Verdi’s Otello doesn’t have the big, underlined earworms of his earlier work. Both the music and plot move quickly and themes seem to vanish before you can grasp onto them. When a performance really works—and that isn’t very often—it all swirls into a kind of fateful vortex.
The Royal Opera House’s highly anticipated new Otello, featuring the internet’s favorite and also probably least favorite tenor, Jonas Kaufmann, in his role debut, isn’t quite that vortex. It’s a slightly disorganized storm, uneven and at times a little rote. But mixed in are some things that are really, really good.
Verdi, Otello. Royal Opera House, 6/24/17. Conducted by Antonio Pappano, new production directed by Keith Warner with sets by Boris Kudlicka, costumes by Kaspar Glarner, lighting by Bruno Poet. Cast included Jonas Kaufmann (Otello), Maria Agresta (Desdemona), Marco Vratogna (Iago), Frédéric Antoun (Cassio), Kai Rüütel (Emilia), In Sung Sim (Lodovico)
I was in London to talk about “Music and the Middlebrow.” As well as going to the Royal Opera House, I presented a paper at a conference on this topic.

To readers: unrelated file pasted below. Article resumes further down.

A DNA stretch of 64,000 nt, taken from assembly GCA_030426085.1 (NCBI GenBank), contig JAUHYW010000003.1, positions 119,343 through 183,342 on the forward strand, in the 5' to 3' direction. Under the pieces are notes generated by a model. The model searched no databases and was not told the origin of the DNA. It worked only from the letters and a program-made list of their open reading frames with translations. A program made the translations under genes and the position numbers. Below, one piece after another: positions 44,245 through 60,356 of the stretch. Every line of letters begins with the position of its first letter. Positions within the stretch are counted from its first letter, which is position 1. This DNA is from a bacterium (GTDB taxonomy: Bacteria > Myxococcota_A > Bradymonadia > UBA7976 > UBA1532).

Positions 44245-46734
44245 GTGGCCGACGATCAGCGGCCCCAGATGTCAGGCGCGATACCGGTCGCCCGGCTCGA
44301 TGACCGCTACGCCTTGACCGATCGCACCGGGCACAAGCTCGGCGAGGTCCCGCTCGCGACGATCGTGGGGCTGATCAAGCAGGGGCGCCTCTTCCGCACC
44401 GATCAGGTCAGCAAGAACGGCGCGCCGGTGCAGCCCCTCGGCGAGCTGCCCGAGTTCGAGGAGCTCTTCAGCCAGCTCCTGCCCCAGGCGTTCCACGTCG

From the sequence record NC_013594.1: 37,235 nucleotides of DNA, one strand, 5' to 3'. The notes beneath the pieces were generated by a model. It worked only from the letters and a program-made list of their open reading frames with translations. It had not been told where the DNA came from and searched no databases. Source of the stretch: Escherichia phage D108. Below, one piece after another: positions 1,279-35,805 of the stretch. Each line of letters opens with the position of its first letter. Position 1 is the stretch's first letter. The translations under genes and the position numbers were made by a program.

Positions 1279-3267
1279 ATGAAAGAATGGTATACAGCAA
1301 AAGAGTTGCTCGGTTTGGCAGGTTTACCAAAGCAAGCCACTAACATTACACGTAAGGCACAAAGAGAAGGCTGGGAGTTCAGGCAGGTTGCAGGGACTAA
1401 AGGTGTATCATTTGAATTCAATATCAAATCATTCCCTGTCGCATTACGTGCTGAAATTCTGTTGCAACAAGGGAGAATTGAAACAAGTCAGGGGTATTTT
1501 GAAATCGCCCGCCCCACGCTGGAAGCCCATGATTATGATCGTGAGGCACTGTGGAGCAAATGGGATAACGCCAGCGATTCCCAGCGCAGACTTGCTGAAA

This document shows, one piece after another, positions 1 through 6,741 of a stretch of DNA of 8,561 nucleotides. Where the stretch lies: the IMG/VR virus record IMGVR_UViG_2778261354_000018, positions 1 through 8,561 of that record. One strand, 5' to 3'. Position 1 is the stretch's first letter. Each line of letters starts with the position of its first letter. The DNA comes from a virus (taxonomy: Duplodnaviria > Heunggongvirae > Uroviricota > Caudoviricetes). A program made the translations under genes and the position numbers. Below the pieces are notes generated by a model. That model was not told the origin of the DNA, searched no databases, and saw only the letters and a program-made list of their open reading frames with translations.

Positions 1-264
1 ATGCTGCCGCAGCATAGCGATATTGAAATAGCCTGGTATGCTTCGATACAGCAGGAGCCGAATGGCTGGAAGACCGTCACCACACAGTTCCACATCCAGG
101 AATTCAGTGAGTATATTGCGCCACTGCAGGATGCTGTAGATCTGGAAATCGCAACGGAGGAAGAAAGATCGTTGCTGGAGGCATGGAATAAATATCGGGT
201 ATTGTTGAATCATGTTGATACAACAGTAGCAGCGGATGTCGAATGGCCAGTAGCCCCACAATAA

I won’t keep you in suspense any longer. Kaufmann is one of the good parts. It isn’t easy to be a Jonas Kaufmann fan these days, but the problem is that if you manage to track him down he still can be extremely good. Otello is often considered the summit of Italian tenordom* and it’s a role where I have the same problems as with Baron Ochs—I’ve heard it done so terribly that I am easily impressed. Just staying in tune puts you ahead of a lot of tenors. And most Otellos seem to be chosen on the basis of vocal heft alone (there are a bunch of Siegfrieds who dabble in Otello and the ones I’ve heard have been…. stylistically lacking, IMO).